Dyer would not comment on whether he had anything to do with the signs, and when the Sun pressed, suggesting the signs were now the elephant in the room, Dyer wrote: “that’s funny. I wonder if is taken.”

(It is.)

Weightman is also part of the Facebook group. But then, so is Republican Senate candidate Danny Tarkanian, as well as “VeteransIn Politics,” a Facebook account for the local group of the same name, which counts several local politicians among its online friends.

Dyer’s online description of the Facebook group hits on a more personal nexus of Dyer, his friends, Channel 13 and Ron Paul supporters. The statement reads: “A local news channel fired a friend of mine for running for political office. They fired another friend for getting arrested even though the charges were dropped. I wonder if they would fire a NON-SPECIFIC journalist who shook down a local business while said news channel was investigating said business.”

Dyer said his use of “nonspecific journalist” in the description is to abide by Facebook rules, which ban attacks on specific people or groups.

Reading between the lines, the nonspecific reporter is obviously Radetich.

The two “friends” mentioned in the statement are also easy to identify.

One-time KTNV staffer David IsBell was fired after he decided to run for Assembly District 17 last year, a violation of the TV station’s policy against employees seeking political office.

IsBell is a member of the Facebook group, also a Paul supporter, and is clearly the person who was fired from a “local news channel” after running for office.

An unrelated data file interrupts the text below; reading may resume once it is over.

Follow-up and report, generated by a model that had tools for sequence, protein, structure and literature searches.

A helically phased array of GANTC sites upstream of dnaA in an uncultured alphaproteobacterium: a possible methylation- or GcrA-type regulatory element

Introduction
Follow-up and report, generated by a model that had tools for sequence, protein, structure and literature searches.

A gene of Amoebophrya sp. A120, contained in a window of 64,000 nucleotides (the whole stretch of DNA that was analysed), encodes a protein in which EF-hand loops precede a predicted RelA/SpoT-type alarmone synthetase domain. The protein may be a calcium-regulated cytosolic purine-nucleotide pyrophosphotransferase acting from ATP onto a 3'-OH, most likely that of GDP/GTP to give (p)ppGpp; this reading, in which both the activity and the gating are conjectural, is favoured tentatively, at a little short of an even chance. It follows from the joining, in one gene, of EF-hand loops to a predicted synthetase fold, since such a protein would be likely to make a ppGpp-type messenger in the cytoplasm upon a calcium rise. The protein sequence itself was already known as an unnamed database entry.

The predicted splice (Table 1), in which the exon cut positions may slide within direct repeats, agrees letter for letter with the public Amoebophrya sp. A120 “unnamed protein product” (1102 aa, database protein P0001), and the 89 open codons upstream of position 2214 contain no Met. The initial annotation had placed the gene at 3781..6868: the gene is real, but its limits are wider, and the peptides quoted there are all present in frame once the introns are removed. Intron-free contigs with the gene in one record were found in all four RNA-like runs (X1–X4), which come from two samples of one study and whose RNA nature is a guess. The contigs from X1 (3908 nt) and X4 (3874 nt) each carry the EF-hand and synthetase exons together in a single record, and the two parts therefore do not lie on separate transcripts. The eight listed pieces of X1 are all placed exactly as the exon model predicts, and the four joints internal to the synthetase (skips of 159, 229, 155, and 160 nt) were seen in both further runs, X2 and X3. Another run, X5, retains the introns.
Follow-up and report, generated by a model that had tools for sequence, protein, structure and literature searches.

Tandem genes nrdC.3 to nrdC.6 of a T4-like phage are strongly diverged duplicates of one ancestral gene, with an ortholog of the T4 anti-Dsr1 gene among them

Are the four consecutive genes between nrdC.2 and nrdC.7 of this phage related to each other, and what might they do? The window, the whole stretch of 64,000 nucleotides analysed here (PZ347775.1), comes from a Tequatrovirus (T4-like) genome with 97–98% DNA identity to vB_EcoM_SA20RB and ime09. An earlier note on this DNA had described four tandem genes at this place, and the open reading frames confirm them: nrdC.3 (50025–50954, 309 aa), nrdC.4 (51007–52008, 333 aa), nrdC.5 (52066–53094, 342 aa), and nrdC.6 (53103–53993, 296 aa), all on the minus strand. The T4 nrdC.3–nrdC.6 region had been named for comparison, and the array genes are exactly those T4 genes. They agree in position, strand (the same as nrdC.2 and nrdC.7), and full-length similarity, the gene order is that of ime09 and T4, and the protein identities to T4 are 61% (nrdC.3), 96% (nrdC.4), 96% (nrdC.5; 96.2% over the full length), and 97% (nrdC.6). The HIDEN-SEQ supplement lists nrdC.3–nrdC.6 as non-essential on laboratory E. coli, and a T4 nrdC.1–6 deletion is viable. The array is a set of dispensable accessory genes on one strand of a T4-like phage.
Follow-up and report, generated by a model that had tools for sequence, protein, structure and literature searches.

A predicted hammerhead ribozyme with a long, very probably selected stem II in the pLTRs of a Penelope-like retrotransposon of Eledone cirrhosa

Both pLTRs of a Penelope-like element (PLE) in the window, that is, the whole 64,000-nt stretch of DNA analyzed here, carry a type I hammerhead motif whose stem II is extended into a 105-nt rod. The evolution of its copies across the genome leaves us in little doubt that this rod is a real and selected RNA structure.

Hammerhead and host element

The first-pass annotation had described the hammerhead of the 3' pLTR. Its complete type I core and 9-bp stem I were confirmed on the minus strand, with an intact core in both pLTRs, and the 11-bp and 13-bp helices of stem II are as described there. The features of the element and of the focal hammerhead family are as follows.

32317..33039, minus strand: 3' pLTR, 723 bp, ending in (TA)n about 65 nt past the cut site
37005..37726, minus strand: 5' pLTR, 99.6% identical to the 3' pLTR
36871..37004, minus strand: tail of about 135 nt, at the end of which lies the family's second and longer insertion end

The “other friend” — who was fired after getting arrested — fits the description of former KTNV reporter Ron Futrell, who was charged with fleeing the scene of an accident in 2008. The charges were dropped, but Futrell was too.

The former KTNV reporter has a history of mingling in GOP circles — most notably, when he emceed the Clark County Republican Party Lincoln Day dinner in 2005 while still an on-air personality and said of Harry Reid, “Pinky’s doing quite well at getting himself run out of office.”

Dyer confirmed that IsBell and Futrell were the friends referenced in the description.

Dyer said he is unsure what will happen to, and didn’t know how much traffic the site has generated.

Online traffic counters indicate the visitor volume, so far, is too low to register.

Radetich’s boyfriend, Jack Finn, whose media consulting services were suggested in the recorded phone call, left his position with NV Energy late last month. Finn, a former TV reporter and spokesman for Sen. John Ensign and former Gov. Kenny Guinn, told the Sun he was pursuing other opportunities.

Dyer, clearly not one to pass up an opportunity to tell a biting joke, said in an e-mail to the Sun: “It’s a shame Nina didn’t secure the domain ( first.

“Maybe she should hire someone who works in marketing or media relations to help her.”